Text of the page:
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Developers show rise in inventory

By on May 25, 2012 in Property News

Impact of flood on demand reflected in first quarter

The top-ten listed property firms have inventory and undeveloped land worth Bt200.29 billion in the first quarter of this year, higher than last year’s average of 5 per cent.

This is due to the slowdown in the demand for residences in the first quarter of this year following last year’s floods.

According to the filing to the Stock Exchange of Thailand for the period ended March 31, most property firms showed their inventory and land banks of underdeveloped residential projects higher than at the end of 2011 due to delays in construction.

Most of them are also faced with labour shortage which has led to delay in construction.

Pruksa Real Estate has shown inventory, land bank and development of residential projects worth Bt36.87 billion as of March 31, 2012, up 1.99 per cent from the end of last year. Sansiri recorded inventory, land bank and development of residential projects worth Bt27.39 billion as of March 31, up 6.95 per cent from the end of last year. Asian Property Development shows inventory, undeveloped land, and developing residential projects worth Bt27.23 billion, up 2.32 per cent from the end of year 2011.

Pruksa Real Estate director and chief business officer Prasert Taedullayasatit said that the company’s inventory is worth less than Bt2 billion, while the rest of the total Bt36.87 billion is undeveloped land.

He acknowledged that the company’s inventory had risen due to buyers delaying their decision to buy residences after last year’s floods. The market started to recover in March but that was not enough to match the company’s inventory, especially residences at locations that faced floods last year such as Rangsit, Bang Bua Thong, and other places.

SC Asset Corporation’s chief operating officer Kree Dejchai said the company’s inventory rose as the company had accumulated undeveloped land to develop residential projects this year and next year. That supports its target growth average of 10 per cent for the year.

“Our sales in the first quarter of this year met our target as none of our residential projects were hit by the floods last year,” he said.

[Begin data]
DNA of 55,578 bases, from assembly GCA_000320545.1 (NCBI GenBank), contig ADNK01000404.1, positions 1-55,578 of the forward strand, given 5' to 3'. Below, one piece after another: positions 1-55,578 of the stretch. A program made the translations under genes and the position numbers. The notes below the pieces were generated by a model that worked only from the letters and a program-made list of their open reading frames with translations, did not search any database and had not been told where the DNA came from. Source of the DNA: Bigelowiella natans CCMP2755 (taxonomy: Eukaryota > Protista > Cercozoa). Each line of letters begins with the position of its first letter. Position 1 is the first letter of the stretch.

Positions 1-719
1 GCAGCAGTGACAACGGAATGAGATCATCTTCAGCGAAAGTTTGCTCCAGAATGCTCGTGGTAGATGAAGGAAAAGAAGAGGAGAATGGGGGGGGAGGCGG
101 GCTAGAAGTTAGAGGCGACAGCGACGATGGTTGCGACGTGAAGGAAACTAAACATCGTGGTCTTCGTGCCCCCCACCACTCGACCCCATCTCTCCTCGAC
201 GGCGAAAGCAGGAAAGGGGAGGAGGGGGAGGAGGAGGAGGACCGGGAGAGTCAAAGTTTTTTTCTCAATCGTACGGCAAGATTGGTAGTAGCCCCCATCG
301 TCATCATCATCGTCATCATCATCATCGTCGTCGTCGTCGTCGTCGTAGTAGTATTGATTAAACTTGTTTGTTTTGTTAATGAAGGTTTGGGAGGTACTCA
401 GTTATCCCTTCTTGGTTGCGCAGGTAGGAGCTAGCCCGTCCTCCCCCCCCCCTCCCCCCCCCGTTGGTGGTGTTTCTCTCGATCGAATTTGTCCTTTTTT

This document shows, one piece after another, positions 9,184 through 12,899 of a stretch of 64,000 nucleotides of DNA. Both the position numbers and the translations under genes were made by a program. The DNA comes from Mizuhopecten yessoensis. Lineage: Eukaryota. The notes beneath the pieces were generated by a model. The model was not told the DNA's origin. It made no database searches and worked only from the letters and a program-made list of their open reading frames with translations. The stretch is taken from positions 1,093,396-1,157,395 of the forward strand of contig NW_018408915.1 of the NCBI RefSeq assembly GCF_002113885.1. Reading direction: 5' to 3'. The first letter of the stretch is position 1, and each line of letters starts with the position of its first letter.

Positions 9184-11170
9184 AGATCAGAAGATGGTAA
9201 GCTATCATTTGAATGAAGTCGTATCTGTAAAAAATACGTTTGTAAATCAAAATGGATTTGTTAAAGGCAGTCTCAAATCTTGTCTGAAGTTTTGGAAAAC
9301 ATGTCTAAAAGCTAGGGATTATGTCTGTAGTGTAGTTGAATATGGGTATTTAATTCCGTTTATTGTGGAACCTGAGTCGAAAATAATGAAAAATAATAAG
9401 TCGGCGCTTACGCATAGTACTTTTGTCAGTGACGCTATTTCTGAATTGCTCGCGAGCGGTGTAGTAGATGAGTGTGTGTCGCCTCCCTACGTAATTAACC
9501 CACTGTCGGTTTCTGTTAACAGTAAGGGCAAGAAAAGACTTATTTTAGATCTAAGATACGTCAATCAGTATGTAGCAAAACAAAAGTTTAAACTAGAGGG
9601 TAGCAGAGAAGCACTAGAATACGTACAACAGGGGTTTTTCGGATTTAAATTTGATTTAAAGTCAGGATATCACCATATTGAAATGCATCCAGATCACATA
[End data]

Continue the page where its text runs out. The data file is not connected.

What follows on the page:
Labour shortage
Meanwhile, property firms now face labour shortage and the delay in construction may impact their delivery and sales target.

Pruksa Real Estate chief business officer Prasert said that although the company’s construction process used prefabrication system and less labour than in the conventional process, the company still faced labour shortage for building its residential projects. However, the company has solved this problem by shifting its labour to build residences for delivery to buyers rather than build up inventory, he said.

Business Housing Association’s president Issara Boonyoung said that supply of labour in the market is now lower than the demand by between 30 per cent and 40 per cent, which is impacting the ability of property firms to develop residences and deliver them to buyers on time.

Meanwhile, the demand for labour to construct infrastructure is also rising following the government policy to expand investment in infrastructure projects.

“We have sent a letter to the Labour Ministry urging it to relax the rule on hiring foreign labour to meet the demand in the construction and property business. However, the ministry has not yet responded to our proposal,” he said.

He urged the ministry to seriously consider the proposal as the industry is facing a serious shortage of labour.

Source : The Nation 25 May 2012

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